News studies are proving that the influence of traumatic experiences in childhood has a profound impact on the conduct and learning capacity of school children and are suggesting the need for an entirely new way of preventing problem behavior that runs contrary to past perceptions.

News studies are proving that the influence of traumatic experiences in childhood has a profound impact on the conduct and learning capacity of school children and are suggesting the need for an entirely new way of preventing problem behavior that runs contrary to past perceptions.

That was the message presented to Yellow Medicine County Commissioners YMC Chemical Health Coalition Director Conrad Osland and PACT for Families Evaluator Alex Loesch during Tuesday’s YMC Board meeting.

Loesch led an overview presentation focusing on a PACT for Families’ SHARE survey of 5th 7th, 9th and 11th grades in the five counties of Kandiyohi, Mcleod, Meeker, Renville and Yellow Medicine. Altogether there were 5,292 responses to the anonymous survey, with 294 filtered out by indicators of contradictory information.    
Areas of focus consisted of: School Connectedness and Safety; Bullying; Truancy; Alcohol, Tobacco and Other Drug Use; Adverse Childhood Experiences (ACEs) & Resiliency Factors; Mental Health Indicators and Sexual Behavior. (5th graders did not receive questions regarding the last four).

Loesch presented information for Yellow Medicine County, with only Yellow Medicine East and Canby taking part in the survey. Echo Charter was said to be contacted but did not partake. Just under 480 students participated from the two schools.

In general, Loesch would say that the schools compared with national averages and he went over local trends within each subsector. Special attention, however, was given to toxic stress indicators, in the form of Adverse Childhood Experiences which were broken down to:

Household Dysfunction: in the form of: Substance Abuse; Parental Separation; Mental Illness; Battered Mother and Criminal Behavior.
Neglect: Emotional and Physical
Abuse: Emotional, physical and sexual.

ACE scores are calculated by a point system, wherein for each experience a child is subjected to results in one point added to their score.

Loesch said that studies are finding that the impact of this toxic stress trauma is so great that individuals with 4 ACEs correlate with a reduction in life-span of 20 years and so deep-seeded that it literally causes a breakdown at the level of human DNA––and the nature of this breakdown is passed from one generation to the next.

Overall he said a general classroom of 30 students will have five students with four or more ACEs, and that the number of students dealing ACE issues was “night and day” when comparing YME and Canby, with YME experiencing more of these issues.

“These numbers correlate with issues in the classroom,” said Loesch.
Loesch said such students are unable to learn when dealing with such experience and that punishment only adds to the trauma.

High Resilience survey answers, in the form of: I believe my mom loves me; I believe my dad loves me; my house has rules we are expected to follow; people in my life think I am capable’ and I am independent and get things done––are correlated with reducing ACE problem areas and repairing past harms. Yellow Medicine County was found to perform well in this regard.

“Does a child have a caring, stable adult in their life on a day-to-day basis? asked Loesch, before stating that an answer in the affirmative was much more important to student success than increased testing or curriculum related expense.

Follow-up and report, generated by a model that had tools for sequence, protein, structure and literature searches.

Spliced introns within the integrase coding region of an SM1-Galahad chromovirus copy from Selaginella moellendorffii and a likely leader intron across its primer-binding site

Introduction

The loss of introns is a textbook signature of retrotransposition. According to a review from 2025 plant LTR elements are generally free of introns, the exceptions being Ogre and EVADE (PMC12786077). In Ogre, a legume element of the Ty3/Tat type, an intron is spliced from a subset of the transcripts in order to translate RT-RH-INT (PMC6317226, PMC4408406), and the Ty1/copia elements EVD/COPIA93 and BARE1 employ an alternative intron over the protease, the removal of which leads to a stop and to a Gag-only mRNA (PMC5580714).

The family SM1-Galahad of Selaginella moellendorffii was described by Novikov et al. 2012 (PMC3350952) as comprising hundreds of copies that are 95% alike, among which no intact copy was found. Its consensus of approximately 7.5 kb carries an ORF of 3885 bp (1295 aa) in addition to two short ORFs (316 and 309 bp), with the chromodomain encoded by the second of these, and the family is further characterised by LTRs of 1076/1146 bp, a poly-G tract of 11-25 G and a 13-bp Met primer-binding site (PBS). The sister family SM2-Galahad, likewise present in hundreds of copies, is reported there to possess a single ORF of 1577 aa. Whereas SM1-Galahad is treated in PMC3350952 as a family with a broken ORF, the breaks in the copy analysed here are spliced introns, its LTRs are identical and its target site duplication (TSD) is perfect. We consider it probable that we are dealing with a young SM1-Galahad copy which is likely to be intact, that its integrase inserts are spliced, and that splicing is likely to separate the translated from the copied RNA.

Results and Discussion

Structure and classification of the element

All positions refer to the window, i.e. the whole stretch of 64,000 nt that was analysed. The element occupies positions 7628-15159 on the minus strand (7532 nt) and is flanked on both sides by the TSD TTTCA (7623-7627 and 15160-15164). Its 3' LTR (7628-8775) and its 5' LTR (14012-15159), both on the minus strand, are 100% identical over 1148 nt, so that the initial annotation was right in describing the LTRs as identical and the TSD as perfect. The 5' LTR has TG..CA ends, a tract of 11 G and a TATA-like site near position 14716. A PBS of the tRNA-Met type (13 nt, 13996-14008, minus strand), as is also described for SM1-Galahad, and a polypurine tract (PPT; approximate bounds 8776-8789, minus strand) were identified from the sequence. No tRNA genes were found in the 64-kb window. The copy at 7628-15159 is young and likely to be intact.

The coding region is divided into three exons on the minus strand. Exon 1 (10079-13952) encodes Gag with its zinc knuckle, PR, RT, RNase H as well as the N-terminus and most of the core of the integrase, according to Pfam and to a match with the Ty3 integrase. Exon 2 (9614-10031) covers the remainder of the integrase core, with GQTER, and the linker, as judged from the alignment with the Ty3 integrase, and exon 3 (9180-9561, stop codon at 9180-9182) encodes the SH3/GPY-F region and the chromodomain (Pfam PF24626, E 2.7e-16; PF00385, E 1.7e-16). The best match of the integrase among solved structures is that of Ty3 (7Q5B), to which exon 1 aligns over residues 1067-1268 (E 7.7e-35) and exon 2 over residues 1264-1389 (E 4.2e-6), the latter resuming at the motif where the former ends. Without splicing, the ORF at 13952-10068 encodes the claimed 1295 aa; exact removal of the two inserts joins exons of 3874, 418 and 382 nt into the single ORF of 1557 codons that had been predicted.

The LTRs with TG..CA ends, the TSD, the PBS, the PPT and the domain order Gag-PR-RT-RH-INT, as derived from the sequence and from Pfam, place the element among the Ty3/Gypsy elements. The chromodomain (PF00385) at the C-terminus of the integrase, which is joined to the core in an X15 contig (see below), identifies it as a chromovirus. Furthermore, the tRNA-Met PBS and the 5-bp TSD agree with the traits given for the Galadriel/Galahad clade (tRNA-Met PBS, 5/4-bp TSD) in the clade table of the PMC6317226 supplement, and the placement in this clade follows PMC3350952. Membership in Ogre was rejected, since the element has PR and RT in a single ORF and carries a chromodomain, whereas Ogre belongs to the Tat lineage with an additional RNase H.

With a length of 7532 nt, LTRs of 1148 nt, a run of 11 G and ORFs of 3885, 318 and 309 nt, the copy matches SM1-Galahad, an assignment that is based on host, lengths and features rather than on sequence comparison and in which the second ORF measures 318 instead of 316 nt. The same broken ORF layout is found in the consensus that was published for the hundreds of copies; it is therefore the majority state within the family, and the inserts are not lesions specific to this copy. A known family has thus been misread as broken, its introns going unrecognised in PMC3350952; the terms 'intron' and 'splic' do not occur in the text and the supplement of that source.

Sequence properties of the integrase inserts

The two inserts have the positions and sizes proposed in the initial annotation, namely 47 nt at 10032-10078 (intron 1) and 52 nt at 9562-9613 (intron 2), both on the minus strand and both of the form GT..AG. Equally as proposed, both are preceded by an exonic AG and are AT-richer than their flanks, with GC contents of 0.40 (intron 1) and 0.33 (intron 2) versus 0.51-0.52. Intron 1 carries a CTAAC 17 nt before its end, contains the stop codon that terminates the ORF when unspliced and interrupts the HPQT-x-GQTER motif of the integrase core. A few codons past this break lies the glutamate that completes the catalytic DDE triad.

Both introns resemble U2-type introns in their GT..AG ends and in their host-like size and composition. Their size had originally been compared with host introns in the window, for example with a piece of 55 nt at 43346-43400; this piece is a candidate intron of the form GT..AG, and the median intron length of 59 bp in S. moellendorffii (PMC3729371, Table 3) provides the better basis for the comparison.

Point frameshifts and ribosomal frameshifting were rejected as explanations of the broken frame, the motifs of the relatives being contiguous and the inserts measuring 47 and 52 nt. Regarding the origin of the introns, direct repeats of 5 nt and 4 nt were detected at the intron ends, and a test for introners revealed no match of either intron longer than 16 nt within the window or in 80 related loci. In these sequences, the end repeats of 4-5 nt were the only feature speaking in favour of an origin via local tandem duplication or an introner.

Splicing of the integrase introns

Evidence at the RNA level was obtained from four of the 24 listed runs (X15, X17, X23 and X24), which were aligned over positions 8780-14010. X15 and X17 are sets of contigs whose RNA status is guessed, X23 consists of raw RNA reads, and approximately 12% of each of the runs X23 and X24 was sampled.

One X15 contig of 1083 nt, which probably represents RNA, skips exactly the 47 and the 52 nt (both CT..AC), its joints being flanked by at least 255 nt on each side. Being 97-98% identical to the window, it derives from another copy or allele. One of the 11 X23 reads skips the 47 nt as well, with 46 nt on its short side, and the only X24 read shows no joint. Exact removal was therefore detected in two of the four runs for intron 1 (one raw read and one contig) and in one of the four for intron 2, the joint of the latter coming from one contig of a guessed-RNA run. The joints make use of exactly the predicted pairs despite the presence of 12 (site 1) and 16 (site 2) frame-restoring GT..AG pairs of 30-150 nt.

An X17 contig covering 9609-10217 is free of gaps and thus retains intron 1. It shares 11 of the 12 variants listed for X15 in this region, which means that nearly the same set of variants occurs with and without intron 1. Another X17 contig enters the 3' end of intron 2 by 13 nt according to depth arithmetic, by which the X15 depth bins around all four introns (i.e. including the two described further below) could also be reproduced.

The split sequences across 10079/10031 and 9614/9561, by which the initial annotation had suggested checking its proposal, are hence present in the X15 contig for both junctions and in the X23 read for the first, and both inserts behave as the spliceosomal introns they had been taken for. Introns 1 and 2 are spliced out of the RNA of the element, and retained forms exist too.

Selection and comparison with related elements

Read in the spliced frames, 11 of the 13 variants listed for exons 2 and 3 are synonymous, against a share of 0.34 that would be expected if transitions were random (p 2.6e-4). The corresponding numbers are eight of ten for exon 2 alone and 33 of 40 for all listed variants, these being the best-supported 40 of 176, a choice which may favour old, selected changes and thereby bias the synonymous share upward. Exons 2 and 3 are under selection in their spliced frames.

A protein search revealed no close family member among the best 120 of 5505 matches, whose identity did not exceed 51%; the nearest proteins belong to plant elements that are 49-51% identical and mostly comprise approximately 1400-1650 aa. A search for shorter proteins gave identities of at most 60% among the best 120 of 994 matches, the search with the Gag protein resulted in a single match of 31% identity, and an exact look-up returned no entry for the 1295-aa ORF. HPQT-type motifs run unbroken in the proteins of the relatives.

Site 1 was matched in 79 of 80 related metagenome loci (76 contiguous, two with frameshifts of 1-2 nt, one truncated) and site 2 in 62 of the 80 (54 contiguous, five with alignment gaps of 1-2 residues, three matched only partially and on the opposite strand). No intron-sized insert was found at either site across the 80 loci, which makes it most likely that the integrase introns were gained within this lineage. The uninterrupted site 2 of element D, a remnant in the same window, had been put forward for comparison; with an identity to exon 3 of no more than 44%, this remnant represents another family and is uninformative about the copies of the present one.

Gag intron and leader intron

In other news:
•YMC Justice Center Construction Manager  Earl Fuechtman, of Contegrity, was on hand to provide the board an update on the planned demolition of the YMC Courthouse.

Fuechtman told the board that the abatement was finished an hour ago, and that Great Plains was preparing to cut the gas line and pull the meters while contractors also planned to cut and cap the sanitary sewer line. Additionally, he noted that there was an inch of water currently in the basement as a result of the most recent heavy rainfall.

The bid to demolish the 1889 YMC Courthouse, and 1970 addition was awarded to Veit & Company, Inc., of Rogers, at a cost of $109,523 in mid-May. The demolition is expected to begin early next week Fuechtman said.

•Yellow Medicine County Highway Department Engineer Andy Sander and Wood Lake Township resident Roger Olson returned  to discuss Olson’s concerns with a planned 2017 replacement of the County Road A9 bridge in Wood Lake Township.

Based on site usage, aesthetics and the state of the bridge, Olson said that he believed the estimated million dollars of tax-payer funds to complete the project could be better spent elsewhere.
Sander came prepared with additional information that indicated the condition of the bridge, including a state inspection that rated the overall health of the bridge at 26.9 on a 0 -100 scale. 100 indicates a bridge in perfect shape.
“Anything under 50 really we really start to look to replace,” said Sander. “The lowest we’ve ever had is a 19.”
The bridge is the last high truss (Pratt-style) steel bridge in Yellow Medicine County. The cost of replacement is expected to be covered by federal funds. The board unanimously passed a unanimous resolution to continue with the project as scheduled on the YMC 5-Year Road Plan.
•The board approved permanent employment status for Carrie Reyer as a Child Support Aid and Brad Monson as a Heavy Equipment Operator.
•The board indicated it wants to have further discussion regarding the development of concrete solar ordinances as well as broadband investment possibilities.